Fenton, K. PHE Blog. Published online:22 March 2016.
Image source: PHE
As waistlines continue to expand across the country (62% of adults are overweight or obese), diagnoses of Type 2 diabetes are also rising. The cost of treating diabetes, and associated complications such as heart disease and stroke, is costing the NHS around £10bn every year.
Trends are only going one way – with one in ten adults expected to be diagnosed with Type 2 diabetes by 2034.
The programme aims to identify those at high risk and refer them into evidence-based behavioural interventions to help them reduce that risk through achieving and/or maintaining a healthy weight, recommended levels of activity and a healthy, balanced diet.
We published a systematic review in August last year that examined the effectiveness of ‘real-world’ interventions for the prevention of Type 2 diabetes in high risk populations. The review looked closely at the following areas:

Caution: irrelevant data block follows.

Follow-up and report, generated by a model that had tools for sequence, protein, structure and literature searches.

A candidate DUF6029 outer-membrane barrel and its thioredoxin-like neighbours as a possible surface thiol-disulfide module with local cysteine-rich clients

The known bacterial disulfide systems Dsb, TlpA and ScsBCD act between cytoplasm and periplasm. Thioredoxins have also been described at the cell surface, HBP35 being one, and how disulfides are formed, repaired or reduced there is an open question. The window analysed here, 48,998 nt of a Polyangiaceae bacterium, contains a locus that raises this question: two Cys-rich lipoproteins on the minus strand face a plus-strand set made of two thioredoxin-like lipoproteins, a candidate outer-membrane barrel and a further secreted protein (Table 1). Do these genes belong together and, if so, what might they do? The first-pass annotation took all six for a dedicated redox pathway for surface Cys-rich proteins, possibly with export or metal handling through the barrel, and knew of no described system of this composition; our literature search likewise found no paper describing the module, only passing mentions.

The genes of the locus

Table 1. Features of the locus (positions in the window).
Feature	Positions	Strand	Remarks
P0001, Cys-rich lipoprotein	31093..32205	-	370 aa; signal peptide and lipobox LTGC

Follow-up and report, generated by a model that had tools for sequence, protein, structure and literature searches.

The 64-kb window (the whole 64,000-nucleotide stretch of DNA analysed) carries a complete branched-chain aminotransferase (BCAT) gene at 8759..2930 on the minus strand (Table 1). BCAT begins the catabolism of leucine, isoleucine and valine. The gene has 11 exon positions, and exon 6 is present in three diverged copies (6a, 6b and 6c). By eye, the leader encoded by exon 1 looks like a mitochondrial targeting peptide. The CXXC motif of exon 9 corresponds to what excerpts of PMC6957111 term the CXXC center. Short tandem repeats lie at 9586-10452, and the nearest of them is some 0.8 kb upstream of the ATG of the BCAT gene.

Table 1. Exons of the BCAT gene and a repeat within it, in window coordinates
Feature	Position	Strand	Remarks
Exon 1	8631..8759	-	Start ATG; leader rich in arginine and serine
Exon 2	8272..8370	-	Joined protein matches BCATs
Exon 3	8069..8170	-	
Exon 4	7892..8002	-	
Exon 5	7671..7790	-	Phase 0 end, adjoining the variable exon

- The effectiveness of diabetes prevention programmes on reducing cases of Type 2 diabetes and reducing weight in high risk populations
- The population groups that see the greatest effect from diabetes prevention programmes by age, gender, body mass index (BMI) and ethnicity
- The key elements that might constitute a successful diabetes prevention programme
Data from 36 studies were included in this review, which revealed an average 26% reduction in new cases of Type 2 diabetes in those participating in a diabetes prevention programme, compared with usual care, although some studies achieved greater reductions. The strongest elements of the programmes we studied (for example, a greater number of sessions over a longer period of time) have been taken forward into our programme.
Read the full blog post here